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We utter 3. This looks like a pretty standard example of non-sentential speech, but closer investigation suggests that even a case like 3 is plausibly the product of sentence-level processes -- in this case the operation known as Q-float.

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So, in this case, we begin with the following structure, 3a [All the children] are in the garden. This undergoes Q-float, yielding 3b. Then the NP argument and the aux undergo deletion as in the above cases, yielding 3c. The possibility of the structure in 3 remains mysterious.

In effect, it would be in the same family of constructions as 'All were lost'. Aux Inversion and Ellipsis Sag discussed the case of aux inversion and ellipsis, and noted that we cannot have an elided VP following an inverted auxiliary.

His example of an inverted auxiliary was the following, where the ordering of 'all' and 'were' is reversed. As we watch the proceedings on television, you look at us and raise an eyebrow as if to ask how many of them were in fact socialists. We utter 4. But why not? Idiom Chunks Idiom chunks are idioms that must appear in concert with certain verbs. A classic example is the idiom chunk 'keep close tabs'.

One can keep close tabs, but one cannot "give close tabs", "make close tabs" etc.

Ellipsis and Nonsentential Speech - Google Libros

This particular idiom requires the presence of the verb 'keep'. It is not licensed with other verbs and it is not licensed by the absence of a verb as the following cases show. He comes to our office for a meeting. As he leaves our office we turn to our friend and private detective Rocky and say, "close tabs," intending to inform Rocky that we want him to keep close tabs on this fellow.

Why can we do this? One natural explanation for the sententialist is simply that the verb 'keep' was originally available in the now- deleted material. What is the non-sententialist to say? How can this element appear without 'keep'? It is entirely unclear what sort of explanation could be offered. The other oddity in this response however, is that when generative grammar did deploy the notion of base generated structures typically D-structure representations they were typically generated from the category label S for sentence via recursive phrase structure rules see, for example, the Aspects model of Chomsky So apparently we need a brand new conception of base generation in addition to some mysterious new account of passive, Q-float and other syntactic phenomena.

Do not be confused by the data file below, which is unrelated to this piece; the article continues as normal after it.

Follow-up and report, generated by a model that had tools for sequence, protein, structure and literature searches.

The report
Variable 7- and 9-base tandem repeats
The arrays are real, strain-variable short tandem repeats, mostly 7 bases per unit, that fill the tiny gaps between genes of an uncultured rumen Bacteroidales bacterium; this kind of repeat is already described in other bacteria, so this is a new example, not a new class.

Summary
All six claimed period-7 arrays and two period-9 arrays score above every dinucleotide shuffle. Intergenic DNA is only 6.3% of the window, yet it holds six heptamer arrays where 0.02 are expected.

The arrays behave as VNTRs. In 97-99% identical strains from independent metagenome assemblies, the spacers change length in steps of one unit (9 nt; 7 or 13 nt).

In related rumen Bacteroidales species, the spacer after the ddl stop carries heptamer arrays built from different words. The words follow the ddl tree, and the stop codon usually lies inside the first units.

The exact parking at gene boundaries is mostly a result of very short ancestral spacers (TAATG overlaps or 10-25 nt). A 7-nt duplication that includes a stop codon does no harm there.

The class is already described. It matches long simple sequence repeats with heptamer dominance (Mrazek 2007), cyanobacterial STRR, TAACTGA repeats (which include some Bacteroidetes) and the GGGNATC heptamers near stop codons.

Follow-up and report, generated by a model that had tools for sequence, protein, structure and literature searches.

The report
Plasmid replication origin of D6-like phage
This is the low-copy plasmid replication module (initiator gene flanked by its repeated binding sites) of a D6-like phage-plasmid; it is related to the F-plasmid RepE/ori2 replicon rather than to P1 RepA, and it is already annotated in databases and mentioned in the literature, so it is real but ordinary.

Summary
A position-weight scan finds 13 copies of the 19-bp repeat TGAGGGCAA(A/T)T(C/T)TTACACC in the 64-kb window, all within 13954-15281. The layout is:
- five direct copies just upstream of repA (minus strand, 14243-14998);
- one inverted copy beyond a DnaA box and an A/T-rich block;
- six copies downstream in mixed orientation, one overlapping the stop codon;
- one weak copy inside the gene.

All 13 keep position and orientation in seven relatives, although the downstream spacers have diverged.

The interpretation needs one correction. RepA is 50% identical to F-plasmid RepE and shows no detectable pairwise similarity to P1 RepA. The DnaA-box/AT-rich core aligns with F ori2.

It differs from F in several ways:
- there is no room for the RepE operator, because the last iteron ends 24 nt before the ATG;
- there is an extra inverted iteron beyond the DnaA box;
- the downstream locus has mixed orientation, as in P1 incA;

At best the argument would demonstrate that in deriving such phrases, the derivation must pass through some stage at which the phrase is embedded in a sentence-frame.


But even if that were true, the result of such a process would still be the plain-old phrase. It would not be a sentence. First, the thesis I defended in my paper was that a full clause is generated at some level of representation or other. More urgently, however, the kinds of movement called for in the above cases passive, Q-float, etc.

Why on earth would that happen and what would it mean for it to happen?

Are we to be left solely with a string of lexical items? But then what guides our semantics which is structure sensitive? Consider, for example, the problem of figuring out scope relations if structure is annihilated. Finally, while there are certainly grammatical theories that countenance the deletion of lexical material although current theory is more apt to say that the lexical items are present but unpronounced , I am so far unaware of any theory that also calls for the annihilation of linguistic structure.